Welcome to the AIIM SharePoint Community and to my Expert Blog. I have to say, I am a little uncomfortable with the whole “Expert” thing, but I will try to live up to the connotation. I think that there is much to discuss, consider and challenge with respect to SharePoint in general and specifically with respect to ECM on SharePoint. I am excited to be serving in this role, and I am honored to share this arena with my fellow bloggers, the AIIM staff members and other members of this community.
I have been around technology for a long time, so when I was asked to introduce myself, I wasn’t sure where to start. I decided not to start at all. By that I mean, no chronology of accomplishments, failed attempts and projects I wish I had never seen. Instead, I want you to know three things about me. I was trained as a chemist, I once owned and operated a cabinet shop / interior renovation business and I have been employed for over 30 years as a systems developer. I chose these three things for three reasons. First, these have all been lifelong interests of mine. Beginning with my Gilbert Chemistry set , helping my dad renovate our house and a summer school FORTRAN class in 1967, my first exposure to these disciplines ignited a continuing desire to know more about them. Second, they all involve problem solving and building things that don’t yet exist but which are theoretically possible and third, they all relate to SharePoint.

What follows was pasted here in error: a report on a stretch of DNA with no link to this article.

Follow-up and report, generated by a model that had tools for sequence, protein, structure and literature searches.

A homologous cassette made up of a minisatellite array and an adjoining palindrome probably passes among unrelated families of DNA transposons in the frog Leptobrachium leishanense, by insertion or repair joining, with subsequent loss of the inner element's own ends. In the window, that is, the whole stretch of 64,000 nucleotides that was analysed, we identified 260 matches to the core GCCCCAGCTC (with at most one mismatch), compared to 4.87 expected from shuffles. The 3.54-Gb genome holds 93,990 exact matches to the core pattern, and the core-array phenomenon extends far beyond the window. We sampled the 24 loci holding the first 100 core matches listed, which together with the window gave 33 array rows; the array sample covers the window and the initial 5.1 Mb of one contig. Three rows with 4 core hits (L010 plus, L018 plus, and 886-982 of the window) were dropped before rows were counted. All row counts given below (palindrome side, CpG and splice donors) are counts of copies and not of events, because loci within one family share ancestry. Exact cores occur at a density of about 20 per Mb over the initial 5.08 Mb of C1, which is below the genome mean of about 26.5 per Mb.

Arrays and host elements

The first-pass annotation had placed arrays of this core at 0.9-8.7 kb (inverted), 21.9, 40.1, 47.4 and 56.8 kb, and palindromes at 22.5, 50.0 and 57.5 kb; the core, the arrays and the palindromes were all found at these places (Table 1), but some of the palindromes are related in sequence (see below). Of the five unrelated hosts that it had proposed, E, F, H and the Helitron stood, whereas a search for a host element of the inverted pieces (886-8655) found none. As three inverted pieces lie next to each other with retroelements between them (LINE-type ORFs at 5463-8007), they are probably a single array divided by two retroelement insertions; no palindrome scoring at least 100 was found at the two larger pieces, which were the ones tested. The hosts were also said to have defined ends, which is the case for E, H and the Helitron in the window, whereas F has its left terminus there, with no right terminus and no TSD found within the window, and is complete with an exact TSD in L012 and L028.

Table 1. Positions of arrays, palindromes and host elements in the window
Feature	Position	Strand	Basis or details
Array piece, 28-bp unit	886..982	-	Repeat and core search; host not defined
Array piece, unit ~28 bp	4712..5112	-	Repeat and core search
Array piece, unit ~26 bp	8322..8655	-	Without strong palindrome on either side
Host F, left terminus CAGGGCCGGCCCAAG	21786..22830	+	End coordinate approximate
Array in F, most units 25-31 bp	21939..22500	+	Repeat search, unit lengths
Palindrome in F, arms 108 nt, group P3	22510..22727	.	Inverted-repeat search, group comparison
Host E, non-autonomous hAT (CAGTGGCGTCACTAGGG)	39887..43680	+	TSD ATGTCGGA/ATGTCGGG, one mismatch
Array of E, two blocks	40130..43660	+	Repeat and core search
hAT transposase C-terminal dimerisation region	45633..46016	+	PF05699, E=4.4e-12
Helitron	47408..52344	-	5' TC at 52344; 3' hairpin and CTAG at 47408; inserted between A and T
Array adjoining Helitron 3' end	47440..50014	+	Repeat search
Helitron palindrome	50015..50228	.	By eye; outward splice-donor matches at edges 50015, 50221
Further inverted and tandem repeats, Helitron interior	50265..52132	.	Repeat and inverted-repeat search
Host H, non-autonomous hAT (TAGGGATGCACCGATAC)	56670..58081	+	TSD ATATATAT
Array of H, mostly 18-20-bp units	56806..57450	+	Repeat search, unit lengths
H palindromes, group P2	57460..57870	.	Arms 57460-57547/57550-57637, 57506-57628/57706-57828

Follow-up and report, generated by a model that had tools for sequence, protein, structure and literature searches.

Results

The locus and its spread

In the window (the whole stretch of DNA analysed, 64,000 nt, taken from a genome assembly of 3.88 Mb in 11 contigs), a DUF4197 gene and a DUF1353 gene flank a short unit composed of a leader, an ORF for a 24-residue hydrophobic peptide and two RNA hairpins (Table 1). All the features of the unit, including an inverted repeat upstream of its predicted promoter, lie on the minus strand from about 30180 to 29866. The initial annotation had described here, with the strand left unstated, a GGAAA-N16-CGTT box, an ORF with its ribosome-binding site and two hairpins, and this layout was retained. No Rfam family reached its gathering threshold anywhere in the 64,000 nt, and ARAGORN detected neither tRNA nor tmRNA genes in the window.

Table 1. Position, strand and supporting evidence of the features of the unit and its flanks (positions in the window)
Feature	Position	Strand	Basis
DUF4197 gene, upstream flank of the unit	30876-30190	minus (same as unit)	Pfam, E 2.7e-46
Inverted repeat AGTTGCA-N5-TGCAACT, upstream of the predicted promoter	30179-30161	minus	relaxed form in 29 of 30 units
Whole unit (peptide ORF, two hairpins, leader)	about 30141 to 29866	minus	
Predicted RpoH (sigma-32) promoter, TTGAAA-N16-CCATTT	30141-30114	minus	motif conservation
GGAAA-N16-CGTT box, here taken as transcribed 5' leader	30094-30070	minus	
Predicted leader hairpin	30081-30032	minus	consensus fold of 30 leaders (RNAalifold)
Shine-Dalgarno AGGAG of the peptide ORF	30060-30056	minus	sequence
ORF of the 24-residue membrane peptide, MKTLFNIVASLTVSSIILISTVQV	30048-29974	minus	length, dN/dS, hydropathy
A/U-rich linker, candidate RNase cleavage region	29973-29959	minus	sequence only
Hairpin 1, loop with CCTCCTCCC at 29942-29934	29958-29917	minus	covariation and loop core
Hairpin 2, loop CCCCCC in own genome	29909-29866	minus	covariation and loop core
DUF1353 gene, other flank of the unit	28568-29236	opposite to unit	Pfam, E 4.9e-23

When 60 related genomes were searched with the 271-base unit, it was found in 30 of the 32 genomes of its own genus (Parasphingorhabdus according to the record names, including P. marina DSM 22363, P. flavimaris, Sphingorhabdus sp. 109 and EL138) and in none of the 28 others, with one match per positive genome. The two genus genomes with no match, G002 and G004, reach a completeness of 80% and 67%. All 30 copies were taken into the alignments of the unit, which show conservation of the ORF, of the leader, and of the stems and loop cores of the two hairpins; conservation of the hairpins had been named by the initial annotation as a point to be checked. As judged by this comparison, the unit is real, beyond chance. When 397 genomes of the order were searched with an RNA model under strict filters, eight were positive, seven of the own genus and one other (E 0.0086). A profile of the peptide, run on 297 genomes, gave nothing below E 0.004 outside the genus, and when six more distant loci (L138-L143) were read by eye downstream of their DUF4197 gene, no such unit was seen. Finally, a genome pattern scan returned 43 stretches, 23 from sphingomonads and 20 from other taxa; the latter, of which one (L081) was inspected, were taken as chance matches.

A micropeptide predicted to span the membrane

You need to take my word for the first two reasons, but let me explain how these things relate to SharePoint. SharePoint is an empty shell that needs to be built out to satisfy customer requirements. Similarly, systems need to be developed to meet customer requirements; furniture and cabinets need to be built to satisfy requirements and chemical processes are designed with specific objectives in mind. Solutions in all of these areas need to be sustainable, so once the requirements and objectives are understood, plans are made and a process begins. In chemistry, the process involves the Scientific Method. In woodworking, it involves time honored joinery, and systems development still proceeds through design, development and testing, just as it was in 1967. It should come as no surprise that my work with SharePoint is guided by the problem solving techniques I trust, and a healthy respect for practices which have stood the test of time.
I am not sure that a life spent planning, building, testing and delivering things makes me an expert. I am sure that my experience has given me a certain insight, and I rely on that insight when I decide what technologies our company should use. That insight tells me that some of the approaches to and uses of SharePoint that I read about are good things and some are not. I am a fan of SharePoint, but I am not a zealot; you can expect a mixed bag of advice, commentary and questions from me.
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